Category Archives: Spirometer

Spirometer, Pulmostar S, Fenyves & Gut, circa 1970

From a sales brochure kindly provided by Emanuele Isnardi.  The entire sales brochure can be downloaded here.

“Principle of measurement: the patient breathes room air (or, in special cases, a gas mixture) through a sterilisable, heated pneumotachograph head fitted to a mouthpiece of breathing mask. The resulting pressure different of a few millimetres water gauage picked up the the pneumotachotraph and proportional to the flow V is concerted to the corresponding positive and negative voltages by means of a pressure transducer and registered in an electronic integrator after amplification. The voltage resulting from this operation is proportional to the tidal volume (TV). The factor of the proportional relationship is determined by volumetric calibration, using a calibration pump. One litre of air is pumped through the pneumotachograph head, which is pre-heated to operating temperature. This is the only reasonable method of checking the entire system. A balance control compensates for any lack of symmetry between pneumotachograph heads.

The S basic unit this consists of a slide-in unit for measuring the flow and a linked integrator and calibrating device. Measurements ranges: 1, 2, 5, 10, 20 litres or litres/sec., respectively, on full-scale deflection; time constants: 1000, 20 , 10, 5 seconds. Push-button selectors.  Automatic marking of zero-flow pointes V=0; heating of pneumotachograph head; data output using optional built-in single- or multi-channel compensated direct recordes or X-Y records; repectively.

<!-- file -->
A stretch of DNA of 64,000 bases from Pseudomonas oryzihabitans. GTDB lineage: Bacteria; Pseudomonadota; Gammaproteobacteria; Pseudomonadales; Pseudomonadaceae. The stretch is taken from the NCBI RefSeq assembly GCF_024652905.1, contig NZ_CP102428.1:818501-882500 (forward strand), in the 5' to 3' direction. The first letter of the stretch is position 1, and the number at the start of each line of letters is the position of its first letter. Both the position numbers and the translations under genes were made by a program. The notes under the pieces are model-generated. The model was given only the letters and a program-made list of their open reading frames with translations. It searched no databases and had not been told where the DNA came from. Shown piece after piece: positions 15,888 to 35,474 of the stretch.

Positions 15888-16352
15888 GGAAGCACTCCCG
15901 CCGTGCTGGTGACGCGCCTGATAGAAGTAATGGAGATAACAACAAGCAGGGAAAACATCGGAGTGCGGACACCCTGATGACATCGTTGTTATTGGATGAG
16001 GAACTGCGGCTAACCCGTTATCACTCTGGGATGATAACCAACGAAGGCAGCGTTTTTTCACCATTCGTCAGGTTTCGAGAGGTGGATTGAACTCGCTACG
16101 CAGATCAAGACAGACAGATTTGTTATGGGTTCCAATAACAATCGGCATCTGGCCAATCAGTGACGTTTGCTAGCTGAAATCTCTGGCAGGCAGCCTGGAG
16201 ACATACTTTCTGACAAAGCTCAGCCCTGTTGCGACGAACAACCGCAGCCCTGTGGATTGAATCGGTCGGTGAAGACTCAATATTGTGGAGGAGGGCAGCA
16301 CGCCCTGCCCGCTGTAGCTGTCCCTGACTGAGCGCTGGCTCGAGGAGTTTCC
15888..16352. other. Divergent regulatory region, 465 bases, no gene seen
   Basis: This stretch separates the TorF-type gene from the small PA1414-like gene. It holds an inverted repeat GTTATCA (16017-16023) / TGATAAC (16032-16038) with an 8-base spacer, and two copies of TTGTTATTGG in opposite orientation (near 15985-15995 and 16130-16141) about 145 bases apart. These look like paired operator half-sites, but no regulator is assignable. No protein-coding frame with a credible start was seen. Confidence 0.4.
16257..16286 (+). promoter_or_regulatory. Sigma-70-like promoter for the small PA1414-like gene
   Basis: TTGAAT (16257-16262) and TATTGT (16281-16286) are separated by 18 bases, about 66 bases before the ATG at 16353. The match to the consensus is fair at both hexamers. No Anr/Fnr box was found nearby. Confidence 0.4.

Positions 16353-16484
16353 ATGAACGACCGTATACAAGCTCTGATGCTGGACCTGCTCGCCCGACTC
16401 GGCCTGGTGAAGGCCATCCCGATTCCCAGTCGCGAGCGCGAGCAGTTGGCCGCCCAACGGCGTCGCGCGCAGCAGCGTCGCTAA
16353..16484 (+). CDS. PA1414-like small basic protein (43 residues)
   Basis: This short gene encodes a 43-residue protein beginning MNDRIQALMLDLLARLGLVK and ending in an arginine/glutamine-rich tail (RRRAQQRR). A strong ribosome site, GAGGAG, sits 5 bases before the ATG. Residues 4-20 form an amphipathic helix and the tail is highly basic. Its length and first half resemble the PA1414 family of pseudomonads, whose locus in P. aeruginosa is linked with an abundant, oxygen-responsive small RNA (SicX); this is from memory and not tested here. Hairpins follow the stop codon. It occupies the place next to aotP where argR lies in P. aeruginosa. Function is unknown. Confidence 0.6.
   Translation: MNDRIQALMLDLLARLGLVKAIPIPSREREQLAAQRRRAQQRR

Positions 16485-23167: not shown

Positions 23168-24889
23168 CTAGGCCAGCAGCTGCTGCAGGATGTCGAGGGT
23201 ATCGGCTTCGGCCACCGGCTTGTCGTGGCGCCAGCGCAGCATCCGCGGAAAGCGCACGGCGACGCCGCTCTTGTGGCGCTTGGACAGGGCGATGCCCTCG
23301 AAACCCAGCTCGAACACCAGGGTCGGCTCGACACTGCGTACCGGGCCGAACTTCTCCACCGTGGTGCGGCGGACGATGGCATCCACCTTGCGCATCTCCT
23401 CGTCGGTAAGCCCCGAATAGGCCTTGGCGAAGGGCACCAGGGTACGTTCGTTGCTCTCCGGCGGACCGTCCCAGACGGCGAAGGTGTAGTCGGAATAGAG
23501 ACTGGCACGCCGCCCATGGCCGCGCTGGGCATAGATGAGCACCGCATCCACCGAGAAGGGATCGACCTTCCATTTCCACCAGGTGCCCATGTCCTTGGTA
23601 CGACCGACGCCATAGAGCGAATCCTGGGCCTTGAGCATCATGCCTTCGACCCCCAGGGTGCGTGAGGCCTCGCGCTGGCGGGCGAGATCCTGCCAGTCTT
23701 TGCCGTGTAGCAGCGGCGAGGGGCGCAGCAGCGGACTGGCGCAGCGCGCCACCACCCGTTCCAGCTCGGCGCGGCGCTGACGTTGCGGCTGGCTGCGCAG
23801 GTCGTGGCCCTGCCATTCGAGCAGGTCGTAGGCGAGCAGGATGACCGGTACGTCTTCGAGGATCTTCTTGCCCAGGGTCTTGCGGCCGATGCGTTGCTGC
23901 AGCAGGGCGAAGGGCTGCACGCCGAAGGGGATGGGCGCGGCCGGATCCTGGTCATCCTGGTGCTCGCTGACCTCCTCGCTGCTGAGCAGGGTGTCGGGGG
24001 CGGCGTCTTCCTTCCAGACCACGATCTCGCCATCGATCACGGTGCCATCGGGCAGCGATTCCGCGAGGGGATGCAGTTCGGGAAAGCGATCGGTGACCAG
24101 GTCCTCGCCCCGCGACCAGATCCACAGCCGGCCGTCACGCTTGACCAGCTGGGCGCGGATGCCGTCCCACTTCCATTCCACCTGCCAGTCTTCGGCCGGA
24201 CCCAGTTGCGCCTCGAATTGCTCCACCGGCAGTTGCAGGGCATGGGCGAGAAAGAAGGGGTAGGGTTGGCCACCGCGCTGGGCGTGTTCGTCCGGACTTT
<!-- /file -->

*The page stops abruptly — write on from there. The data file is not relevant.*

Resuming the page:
Determinable parameters at rest and during exercise: tidal volume TV, inspiratory reserve volume IRV, expiratory reserve volume ERV, inspiratory capacity IC, forced inspiratory volume FIV, vital capacity VC, forced vital capacity FVC, forced expiratory volume FEV1, percentage expired %FEV1/VC and %FEV1/FVC, mean inspiratory flow MIFR, mean expiratory flow rate MEFR, mean flow rate MFR, peak inspiratory flow PIFR, peak expiratory flow rate PEFR, peak flow rate PFR, forced inspiratory flow FIF, forced expiratory FEF, forced mid-expiratory flow rate FMF, minute volume MV, maximum breathing capacity MBC, indirect maximum breathing capacity IMBC, maximum voluntary ventilation MVV, excess exercise ventilation EEV, standardised ventilation SV, ventilation in response to exercie VRE, respiratory frequency F, duration of inspiration, and expiration, respectively, flow-volume diagram also with He2 (X-Y recorder necessary).”

Submarine Lung Tester, Arcade Spirometer, Recreation

The original version was featured in a circa 1900 arcade machines catalog but none are known to have survived.  This floor model machine is a recreation of the original Mills, numbered 6 of 12 made by John Papa. To play, deposit 5¢, blow into the mouth piece and see how many divers you can bring to the surface. Includes keys. Condition (Excellent). Size 31″ x 17″ x 75-1/2″.  Found on the ArcadeGuy.com website.

Medina Lung Tester, Arcade Spirometer, 1911

1¢ Spirometer Found on an AuctionGuy.com listing.  Described as: Lung Tester Shocker Arcade Machine. Countertop amusement machine in wood cabinet includes two front handles, a hose on the side for air pressure testing., and two coin slots. Dial is marked The Medina Manufacturing Co. Medina, N.Y. Includes key. Circa 1911. Condition (Excellent). Size 12-1/2″ x 11-1/2″ x 21-1/4″.